To 2021 recently graduated me (one year ago):

You get a phone call from Harrison letting you know that you got into this program. It is wild, I know: you get the opportunity to focus on your writing, your craft, your calling, your passion! What a dream.

After graduation, the placelessness starts to set in; you are back home in LA and you begin to learn how hard it is going to be to have all your friends dispersed across the country, all living your own separate lives, no longer brought together by place.

And while you facetime with your friends every week, it is not the same as having a craving for wings and being a phone call away from getting buffalo-covered chicken with them in the next five minutes. Or going to Wendy’s for Frostys. Or walking to their houses whenever you wanted, to sit, and talk, and chill, and be blissful in company.

But I want you to know some people and experiences that make this move to Colorado worth it:

You will take your cat a pasear to a lake close to your apartment and have him sniff the water, dig holes, and chase bugs. This will help you realize that life is okay even after you feel alone when you sleep on your own for the first night in your new apartment.

You will meet your new roommate who is from El Paso and who you can rant about white supremacy with—it feels like a real home: comforting and safe and no need for explanations or ground-up teaching. Your own little consciousness-raising home. Your own little mundo zurdo.

You will hang out with the amazing people in your cohort almost every other weekend and feel grateful to eat delicious baked goods by a certain someone (who’s name starts with L and ends with O) which literally make your taste buds happy dance the way your body does 3 shots of tequila in.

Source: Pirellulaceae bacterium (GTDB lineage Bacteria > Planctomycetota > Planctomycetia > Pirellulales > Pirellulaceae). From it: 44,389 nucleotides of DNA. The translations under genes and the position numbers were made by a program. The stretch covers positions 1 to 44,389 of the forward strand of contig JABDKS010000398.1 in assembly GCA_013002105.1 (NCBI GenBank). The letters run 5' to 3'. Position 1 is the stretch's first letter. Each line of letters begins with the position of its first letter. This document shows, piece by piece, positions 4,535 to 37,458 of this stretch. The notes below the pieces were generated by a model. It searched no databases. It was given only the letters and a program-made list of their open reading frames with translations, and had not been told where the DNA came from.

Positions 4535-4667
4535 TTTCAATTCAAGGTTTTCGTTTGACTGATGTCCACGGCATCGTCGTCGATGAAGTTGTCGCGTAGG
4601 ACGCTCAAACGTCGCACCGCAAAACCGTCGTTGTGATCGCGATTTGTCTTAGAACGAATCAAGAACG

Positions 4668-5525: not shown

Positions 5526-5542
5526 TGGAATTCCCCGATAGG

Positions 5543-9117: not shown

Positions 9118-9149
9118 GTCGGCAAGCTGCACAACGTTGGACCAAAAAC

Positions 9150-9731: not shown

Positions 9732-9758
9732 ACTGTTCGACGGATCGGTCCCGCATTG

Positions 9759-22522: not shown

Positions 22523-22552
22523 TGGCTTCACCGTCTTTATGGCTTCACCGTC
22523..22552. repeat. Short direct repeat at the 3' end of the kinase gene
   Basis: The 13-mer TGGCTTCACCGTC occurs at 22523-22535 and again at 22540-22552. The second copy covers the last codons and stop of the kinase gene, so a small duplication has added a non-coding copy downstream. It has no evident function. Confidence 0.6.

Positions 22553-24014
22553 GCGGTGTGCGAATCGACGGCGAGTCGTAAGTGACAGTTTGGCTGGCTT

You will leave these parties at a solid 11pm every time because you are, in fact, an old lady.

You will get tattoos with people you met on tinder (one of whom you will fall in love with and will teach you hella about healthy relationships) and then accidentally show them to your grandmother on facetime making for a horrifying 15 seconds before you realize that she can’t do anything about it.

You will have introvert parties where Julia makes baked goods and tea, and we sit and read in lovely peace, in blissful company.

And mostly, you will learn so much about what it means to truly live on your own, to find your way, to adapt to (ew) snow, how to maintain long distance friendships and short distance friendships, to constantly look and surround yourself with people that renew your spirit. I am so proud of who you will and are becoming.

Con amor,


Marcela is a first-year MFA candidate in creative non-fiction.